Wednesday, January 11, 2012

Turkish Language

Turkish is on of the major languages of the world, being the official language of Turkey. there is also a high usage (Population of Turks) in Bulgaria, Greece, Cyprus, Germany, France, The Netherlands, The United States, and Australia. Turkish is not related to any other major language of the Middle East like Arabic, Persian, or Hebrew, nor European. For this reason Turkish has almost no similarities in vocabulary or grammar with other languages, such as, English, French, and German. This makes learning Turkish difficult for speakers of other languages; however, it does have a regular structure with few exceptions, unlike English. Turkish is made up of mostly native words, while using a few loanwords from Arabic and Persian.

"one who says "I'm from the turkish nation", before everything must definitely speak Turkish.
  • Turkish is an agglutinating language, with exclusive suffixation: Anne (Mother), Annem (My mother), Anneme (To my mother).
  • Gender and definite and indefinite articles do not exist.
  • Instead of prepositions, Postpositions are used. Benim icin (for me).
  • Turkish is a subject-object-verb language. Example: Ben eve gittim - I home-to went (I went home).
  • All forms that effect a verb are added by suffixes to the end of the verb. For example: Git (go), gitme (Don't go). 
  • There is vowel harmony.
  • Contains 29 letters; 21 consonants & 8 vowels. [Turkish words are read exactly as they are spelled. There are rare exceptions, unlike the English language ( See: read the 'o' in one & bone)]
Turkish is a fun language but sometimes tricky if you directly translate. You can come to a general conclusion, but in songs and TV shows, it is hard to understand what they actually mean. Turkish is very poetic and deep, there are also many proverbs; in fact I hear a proverb at least once a day while living here. Below are some simple examples of how the meaning is different from the direct translation:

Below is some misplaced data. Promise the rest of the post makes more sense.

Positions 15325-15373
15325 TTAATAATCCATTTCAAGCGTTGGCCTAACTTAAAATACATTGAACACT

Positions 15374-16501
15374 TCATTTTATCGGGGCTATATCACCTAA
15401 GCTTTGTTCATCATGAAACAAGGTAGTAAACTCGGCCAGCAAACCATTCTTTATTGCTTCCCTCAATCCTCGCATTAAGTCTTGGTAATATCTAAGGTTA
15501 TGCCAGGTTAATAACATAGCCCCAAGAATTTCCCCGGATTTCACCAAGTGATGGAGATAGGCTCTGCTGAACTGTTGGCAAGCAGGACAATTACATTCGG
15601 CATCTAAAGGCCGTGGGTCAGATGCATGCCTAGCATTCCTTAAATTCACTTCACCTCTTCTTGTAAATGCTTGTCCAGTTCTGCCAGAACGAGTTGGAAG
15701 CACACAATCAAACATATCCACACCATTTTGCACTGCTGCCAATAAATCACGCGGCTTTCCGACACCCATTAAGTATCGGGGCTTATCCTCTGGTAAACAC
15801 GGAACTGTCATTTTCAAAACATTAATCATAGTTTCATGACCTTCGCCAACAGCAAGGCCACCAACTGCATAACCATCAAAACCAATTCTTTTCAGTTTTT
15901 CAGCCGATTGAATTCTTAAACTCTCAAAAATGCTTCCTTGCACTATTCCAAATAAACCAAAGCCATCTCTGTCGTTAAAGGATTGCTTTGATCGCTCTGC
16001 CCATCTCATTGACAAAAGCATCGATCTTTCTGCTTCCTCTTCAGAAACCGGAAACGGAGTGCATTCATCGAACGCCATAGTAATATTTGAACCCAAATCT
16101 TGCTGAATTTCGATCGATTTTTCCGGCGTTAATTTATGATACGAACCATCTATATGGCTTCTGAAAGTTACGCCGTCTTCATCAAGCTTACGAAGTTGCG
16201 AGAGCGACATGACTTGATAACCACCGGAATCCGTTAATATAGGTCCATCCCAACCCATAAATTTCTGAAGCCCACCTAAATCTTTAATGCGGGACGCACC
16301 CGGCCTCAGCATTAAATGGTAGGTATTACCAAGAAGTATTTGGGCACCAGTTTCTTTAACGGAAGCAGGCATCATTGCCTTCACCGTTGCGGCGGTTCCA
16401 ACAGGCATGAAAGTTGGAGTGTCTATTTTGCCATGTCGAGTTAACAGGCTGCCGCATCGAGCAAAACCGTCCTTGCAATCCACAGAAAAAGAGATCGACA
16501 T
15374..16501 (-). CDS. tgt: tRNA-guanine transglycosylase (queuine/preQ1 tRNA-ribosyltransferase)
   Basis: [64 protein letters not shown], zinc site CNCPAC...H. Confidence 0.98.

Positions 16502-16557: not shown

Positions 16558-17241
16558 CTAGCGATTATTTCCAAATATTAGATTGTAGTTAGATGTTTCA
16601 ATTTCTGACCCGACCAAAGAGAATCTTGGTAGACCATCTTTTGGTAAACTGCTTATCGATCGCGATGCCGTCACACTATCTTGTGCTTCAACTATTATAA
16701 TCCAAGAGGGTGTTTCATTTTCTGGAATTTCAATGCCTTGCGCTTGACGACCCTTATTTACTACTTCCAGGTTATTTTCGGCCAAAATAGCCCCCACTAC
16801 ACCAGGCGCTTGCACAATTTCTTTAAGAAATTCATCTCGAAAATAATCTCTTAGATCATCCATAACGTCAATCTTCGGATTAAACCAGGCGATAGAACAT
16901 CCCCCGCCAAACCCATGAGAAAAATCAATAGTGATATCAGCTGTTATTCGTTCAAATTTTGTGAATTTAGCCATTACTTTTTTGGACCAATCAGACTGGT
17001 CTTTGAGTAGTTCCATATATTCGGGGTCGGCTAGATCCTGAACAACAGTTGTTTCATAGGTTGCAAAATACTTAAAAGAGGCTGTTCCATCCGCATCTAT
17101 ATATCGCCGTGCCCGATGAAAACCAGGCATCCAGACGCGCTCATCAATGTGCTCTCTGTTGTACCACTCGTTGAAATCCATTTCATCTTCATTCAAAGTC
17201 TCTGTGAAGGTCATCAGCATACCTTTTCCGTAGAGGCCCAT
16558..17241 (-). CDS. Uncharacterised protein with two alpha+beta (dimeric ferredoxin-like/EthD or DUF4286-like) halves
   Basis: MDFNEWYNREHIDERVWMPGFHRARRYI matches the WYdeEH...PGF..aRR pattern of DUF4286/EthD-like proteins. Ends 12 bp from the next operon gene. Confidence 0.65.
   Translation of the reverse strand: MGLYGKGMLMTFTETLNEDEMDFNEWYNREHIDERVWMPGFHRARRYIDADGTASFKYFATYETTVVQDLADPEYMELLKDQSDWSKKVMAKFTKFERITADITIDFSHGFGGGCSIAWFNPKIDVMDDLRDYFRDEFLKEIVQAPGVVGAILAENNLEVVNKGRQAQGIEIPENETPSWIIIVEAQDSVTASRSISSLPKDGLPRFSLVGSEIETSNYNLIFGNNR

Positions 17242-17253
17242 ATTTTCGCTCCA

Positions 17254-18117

• Cep telefon kapat. - Close the pocket telephone (Turn off the cell phone)
  • Isik ac. - Open the light (Turn on the light)
  • Nerde oturuyorsun? - Where do you sit? (Where do you live?)
  • Ask Kac Beden Giyer? - What size does the love wear? (How many lovers can you have?)
  • Ne haber 'Naber'? - What news? (What's up?)
  • Ne var, ne yok? - What is there, what is there not? (What's up?)
  • Memnun oldum. - I am satisfied. (I am pleased to meet you)
  • Tuylerim kalkti - My hairs got up (I got cold chills / I got goosebumps)
I recommend you living in Turkey to learn Turkish, because every Language book I have come across explains wrong, or is too basic, not accounting for present day Turkish. If a textbook is your only method to learn I recommend "". It is the best textbook I have found.

Some basic Turkish to use while touring:
  • Merhaba - Hello
  • Benim adim _____ - My name is _____
  • Nasilsin - How are you?
  • Iyiyim - I am good.
  • _____ Nerede - Where is the _____?
  • Hosgeldin. - Welcome.
  • Hosbulduk - I feel welcome
  • Gule gule - Go with a smile (good bye).
  • Neden - Why?
  • _____ ne demek? - What does ____ mean? (for example, a particular word)
  • Turkce bilmiyorum - I dont know Turkish
  • Tesekkurler - Thank you
  • Bir sey degil - Not at all (No problem)
Turkish In Use ;)

*Some of this info comes from ""*


Melis said...

In fact, pronunciation of english and turkısh languages are really different compared to each other...But turkısh students studying english at their school..:)And its really important to make a communıcation with people all around the world.

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Shahzad Qayyum said...

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